The girls met one-another at the fork of the road, one leading to school, and the other to the river, and, after a hurried glance around to see whether anyone was about and watching, they ran down to the river. Afraid that they might meet someone on the road they walked in the bush alongside it, ready to drop out of sight should anyone come. It was too early for many people to be out and they reached the proposed crossing point without any problems. Simelo suggested that they change out of their yellow school uniforms before crossing so they would not be noticed so easily, so they put on dark-coloured dresses that they had packed. Then they hid their school satchels behind some rocks.

Clouds had been gathering during the last few days, but had moved up to the north. The rains were due, but the sun shone brightly and the girls’ excitement knew no bounds as they proceeded to jump from rock to rock across the river. Busi had packed some buns and they were sure they could find water or even buy cool drinks when they got to the other side. When they got half-way across the river, Simelo noticed that the river appeared to be running faster than usual so they decided to stop on a small island in the middle of the river.

It was fortunate that they did so, as, after a very short time, the rocks they had crossed on were covered with water, and the river began to flow faster and faster. Even as they watched, they saw that they were completely surrounded by water and they were soon marooned with the water creeping higher and higher. They had to scramble to the highest point of the island, to where a big tree grew. The girls were surprised but, realising that it must have rained up-country, they were sure that it would soon subside and they could carry on crossing.

They sat on the top of the highest rock and waited. The sun grew stronger, as it climbed high into the sky and the girls were hot and hungry. They ate what they had and waited, chatting unconcernedly as they waited for the water to go down. They grew sleepy as the afternoon dragged on. The noise of the river rushing by seemed to grow louder and to their growing concern it seemed to be creeping higher and higher, until their feet were in the river and the only place of safety seemed to be up the tree.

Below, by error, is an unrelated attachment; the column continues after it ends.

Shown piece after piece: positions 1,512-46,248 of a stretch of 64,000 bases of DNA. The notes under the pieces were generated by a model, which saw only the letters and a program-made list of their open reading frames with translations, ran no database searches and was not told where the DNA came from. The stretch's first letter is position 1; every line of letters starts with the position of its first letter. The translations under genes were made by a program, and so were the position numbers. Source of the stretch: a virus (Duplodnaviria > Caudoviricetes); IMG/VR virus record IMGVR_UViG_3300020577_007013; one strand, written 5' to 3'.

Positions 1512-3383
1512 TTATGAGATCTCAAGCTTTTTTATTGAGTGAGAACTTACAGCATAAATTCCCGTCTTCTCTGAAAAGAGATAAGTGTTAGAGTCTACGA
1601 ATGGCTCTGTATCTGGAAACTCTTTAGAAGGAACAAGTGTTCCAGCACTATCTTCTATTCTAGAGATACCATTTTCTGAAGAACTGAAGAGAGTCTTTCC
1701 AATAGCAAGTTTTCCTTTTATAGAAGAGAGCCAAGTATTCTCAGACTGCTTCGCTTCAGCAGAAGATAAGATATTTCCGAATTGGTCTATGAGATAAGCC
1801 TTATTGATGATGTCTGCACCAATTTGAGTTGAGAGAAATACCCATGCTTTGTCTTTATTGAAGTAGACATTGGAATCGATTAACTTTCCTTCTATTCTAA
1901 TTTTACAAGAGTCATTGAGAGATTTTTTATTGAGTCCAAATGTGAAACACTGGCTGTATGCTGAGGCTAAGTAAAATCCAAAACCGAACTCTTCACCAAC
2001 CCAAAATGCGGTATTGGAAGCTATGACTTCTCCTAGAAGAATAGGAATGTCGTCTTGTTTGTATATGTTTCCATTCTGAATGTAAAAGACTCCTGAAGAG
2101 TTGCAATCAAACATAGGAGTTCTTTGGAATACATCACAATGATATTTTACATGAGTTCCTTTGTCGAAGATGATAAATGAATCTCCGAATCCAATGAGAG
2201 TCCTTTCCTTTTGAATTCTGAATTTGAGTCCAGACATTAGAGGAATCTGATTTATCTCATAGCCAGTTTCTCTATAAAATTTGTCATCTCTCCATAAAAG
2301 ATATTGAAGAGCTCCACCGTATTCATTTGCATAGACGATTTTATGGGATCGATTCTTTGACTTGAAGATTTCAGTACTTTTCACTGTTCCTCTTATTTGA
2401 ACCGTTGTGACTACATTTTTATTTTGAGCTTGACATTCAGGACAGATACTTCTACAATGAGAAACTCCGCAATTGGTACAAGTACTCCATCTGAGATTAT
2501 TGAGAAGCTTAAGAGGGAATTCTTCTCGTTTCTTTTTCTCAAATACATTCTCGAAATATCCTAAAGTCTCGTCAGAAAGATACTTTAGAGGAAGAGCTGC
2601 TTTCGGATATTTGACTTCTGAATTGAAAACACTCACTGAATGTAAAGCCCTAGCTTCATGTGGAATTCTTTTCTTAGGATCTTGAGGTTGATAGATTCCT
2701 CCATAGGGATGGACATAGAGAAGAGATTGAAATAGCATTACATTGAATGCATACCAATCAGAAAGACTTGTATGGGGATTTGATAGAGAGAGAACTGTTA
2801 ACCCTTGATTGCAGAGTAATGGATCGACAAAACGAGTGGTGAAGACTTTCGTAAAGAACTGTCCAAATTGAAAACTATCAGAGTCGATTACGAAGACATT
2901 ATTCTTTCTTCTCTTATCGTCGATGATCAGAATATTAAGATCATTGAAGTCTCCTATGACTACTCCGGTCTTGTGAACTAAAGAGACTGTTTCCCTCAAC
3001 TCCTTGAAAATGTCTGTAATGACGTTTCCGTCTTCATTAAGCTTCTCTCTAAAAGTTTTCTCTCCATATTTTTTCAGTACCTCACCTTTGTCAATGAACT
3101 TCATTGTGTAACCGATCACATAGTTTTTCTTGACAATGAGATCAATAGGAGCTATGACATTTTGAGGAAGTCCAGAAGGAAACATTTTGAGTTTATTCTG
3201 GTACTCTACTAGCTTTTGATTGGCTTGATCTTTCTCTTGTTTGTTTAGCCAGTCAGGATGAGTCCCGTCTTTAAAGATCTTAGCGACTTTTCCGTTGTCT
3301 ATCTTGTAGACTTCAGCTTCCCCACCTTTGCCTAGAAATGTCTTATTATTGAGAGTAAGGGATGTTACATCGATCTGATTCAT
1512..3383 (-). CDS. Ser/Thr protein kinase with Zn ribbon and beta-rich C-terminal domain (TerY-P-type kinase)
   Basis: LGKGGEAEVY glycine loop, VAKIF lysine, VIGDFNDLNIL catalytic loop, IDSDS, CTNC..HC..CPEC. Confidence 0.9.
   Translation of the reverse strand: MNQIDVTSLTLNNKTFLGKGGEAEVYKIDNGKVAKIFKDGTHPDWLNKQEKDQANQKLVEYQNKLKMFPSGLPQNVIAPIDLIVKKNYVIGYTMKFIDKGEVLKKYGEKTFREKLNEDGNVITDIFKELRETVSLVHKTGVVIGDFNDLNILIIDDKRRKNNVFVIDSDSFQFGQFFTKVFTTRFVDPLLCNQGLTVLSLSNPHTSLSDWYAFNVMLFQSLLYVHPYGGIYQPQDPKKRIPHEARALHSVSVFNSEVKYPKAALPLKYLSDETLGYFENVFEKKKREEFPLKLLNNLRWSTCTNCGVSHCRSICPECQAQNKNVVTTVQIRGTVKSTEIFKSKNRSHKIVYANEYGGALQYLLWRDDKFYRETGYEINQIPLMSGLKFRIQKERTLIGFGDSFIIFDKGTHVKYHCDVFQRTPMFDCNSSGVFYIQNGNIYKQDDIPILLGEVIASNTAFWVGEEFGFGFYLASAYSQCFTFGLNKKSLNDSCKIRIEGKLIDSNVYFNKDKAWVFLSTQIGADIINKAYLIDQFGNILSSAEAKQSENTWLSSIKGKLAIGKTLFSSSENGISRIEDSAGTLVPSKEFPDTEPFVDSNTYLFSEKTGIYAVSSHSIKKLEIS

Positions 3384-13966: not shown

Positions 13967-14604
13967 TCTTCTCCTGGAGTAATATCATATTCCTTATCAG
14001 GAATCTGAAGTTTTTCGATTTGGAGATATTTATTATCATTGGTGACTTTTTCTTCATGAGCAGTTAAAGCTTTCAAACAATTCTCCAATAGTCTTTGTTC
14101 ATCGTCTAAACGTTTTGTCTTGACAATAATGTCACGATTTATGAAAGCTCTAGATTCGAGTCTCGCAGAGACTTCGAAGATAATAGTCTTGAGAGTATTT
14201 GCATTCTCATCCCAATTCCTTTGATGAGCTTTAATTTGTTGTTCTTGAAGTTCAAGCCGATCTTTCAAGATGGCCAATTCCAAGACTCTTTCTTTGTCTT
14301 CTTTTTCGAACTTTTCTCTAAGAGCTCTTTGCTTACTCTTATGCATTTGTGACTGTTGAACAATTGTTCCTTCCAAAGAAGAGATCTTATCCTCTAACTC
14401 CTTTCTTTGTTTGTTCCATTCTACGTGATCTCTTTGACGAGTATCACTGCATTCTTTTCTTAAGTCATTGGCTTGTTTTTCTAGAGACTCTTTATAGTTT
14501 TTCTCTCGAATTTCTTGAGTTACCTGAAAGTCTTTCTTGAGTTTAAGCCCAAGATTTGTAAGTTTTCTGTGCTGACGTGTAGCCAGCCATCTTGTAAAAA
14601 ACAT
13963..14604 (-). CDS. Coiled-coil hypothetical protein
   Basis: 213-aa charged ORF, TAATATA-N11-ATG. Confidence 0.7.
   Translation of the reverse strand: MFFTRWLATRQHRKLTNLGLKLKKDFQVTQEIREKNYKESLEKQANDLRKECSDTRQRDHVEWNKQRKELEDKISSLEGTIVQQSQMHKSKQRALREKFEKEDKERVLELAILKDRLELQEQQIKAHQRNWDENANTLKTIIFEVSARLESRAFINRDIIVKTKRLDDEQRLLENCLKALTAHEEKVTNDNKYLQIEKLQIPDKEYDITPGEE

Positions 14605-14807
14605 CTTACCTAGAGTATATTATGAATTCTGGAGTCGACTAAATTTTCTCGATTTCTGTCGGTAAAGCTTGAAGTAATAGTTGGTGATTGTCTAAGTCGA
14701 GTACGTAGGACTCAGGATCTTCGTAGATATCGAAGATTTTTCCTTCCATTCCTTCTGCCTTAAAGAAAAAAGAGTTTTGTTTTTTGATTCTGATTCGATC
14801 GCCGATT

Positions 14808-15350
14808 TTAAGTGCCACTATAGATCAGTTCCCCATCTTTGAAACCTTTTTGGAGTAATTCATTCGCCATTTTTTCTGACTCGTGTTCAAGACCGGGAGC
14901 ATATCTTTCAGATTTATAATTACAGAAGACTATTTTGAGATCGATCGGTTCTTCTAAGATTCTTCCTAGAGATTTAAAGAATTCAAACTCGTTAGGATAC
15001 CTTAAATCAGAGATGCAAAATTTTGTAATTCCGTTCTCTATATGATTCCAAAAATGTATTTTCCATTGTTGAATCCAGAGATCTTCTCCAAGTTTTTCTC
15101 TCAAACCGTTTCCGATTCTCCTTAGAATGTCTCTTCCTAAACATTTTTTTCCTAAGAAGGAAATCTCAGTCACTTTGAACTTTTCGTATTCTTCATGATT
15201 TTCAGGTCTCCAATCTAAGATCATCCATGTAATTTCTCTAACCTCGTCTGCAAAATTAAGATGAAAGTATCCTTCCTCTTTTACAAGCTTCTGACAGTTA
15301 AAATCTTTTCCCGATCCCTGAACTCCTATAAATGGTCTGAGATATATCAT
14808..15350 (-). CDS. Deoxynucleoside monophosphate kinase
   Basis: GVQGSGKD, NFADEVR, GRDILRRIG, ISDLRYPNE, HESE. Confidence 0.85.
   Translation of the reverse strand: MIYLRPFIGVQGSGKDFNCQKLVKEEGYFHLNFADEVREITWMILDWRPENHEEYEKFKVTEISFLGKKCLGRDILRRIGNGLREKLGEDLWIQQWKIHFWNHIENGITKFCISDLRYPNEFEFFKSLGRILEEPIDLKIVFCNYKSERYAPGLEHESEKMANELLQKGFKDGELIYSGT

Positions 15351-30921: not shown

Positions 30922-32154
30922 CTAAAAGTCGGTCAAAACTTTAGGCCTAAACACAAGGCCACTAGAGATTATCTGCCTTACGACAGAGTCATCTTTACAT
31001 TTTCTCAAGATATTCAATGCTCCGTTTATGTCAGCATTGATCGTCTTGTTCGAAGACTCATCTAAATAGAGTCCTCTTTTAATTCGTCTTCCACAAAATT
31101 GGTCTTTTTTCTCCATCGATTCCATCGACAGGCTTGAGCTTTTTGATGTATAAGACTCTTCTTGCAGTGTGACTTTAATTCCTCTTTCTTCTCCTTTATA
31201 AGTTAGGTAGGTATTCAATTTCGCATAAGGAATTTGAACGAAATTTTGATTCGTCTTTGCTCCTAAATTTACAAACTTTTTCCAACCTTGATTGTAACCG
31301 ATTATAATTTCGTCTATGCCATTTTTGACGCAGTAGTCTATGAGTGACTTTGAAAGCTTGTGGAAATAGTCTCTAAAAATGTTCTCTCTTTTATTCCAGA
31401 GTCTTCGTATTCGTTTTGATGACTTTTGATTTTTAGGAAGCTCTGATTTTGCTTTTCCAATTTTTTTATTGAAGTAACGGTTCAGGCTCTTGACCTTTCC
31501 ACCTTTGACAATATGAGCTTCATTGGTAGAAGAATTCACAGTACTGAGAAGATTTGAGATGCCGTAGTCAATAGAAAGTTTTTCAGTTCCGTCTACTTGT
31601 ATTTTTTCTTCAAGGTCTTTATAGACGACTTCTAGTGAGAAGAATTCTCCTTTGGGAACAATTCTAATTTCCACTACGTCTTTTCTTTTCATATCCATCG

They wedged their bags into the branches when the sun began its descent and the prospect of a night on the island occurred to them. What were they to do, no one knew of their whereabouts, and they had not passed anybody. When darkness fell, no one would be able to see them. For the first time Simelo, who was the elder, grew frightened.

“What shall we do, Busi?” she asked. “Should we swim back?”
Busi, who had been crying quietly, said in a strangled voice. “Simelo, I can’t swim, I never learned to, I will just drown”.

She sobbed, pushing her knuckles into her eyes as she watched the river rising. She scrambled up into the lower branches of the tree and persuaded Simelo to do likewise before the water got even higher. The girls clung onto the large branches next to each other, while Simelo took stock. She decided that she should swim back and get help, but when she told Busi, the girl began to panic at the thought of being left alone, and clung onto Simelo, imploring her not to go. Simelo watched with alarm, at the speed with which the water was flowing, as she saw branches being swept down. If she attempted to swim, there was a very real danger of being swept away or, more dangerously, being hit on the head with floating branches.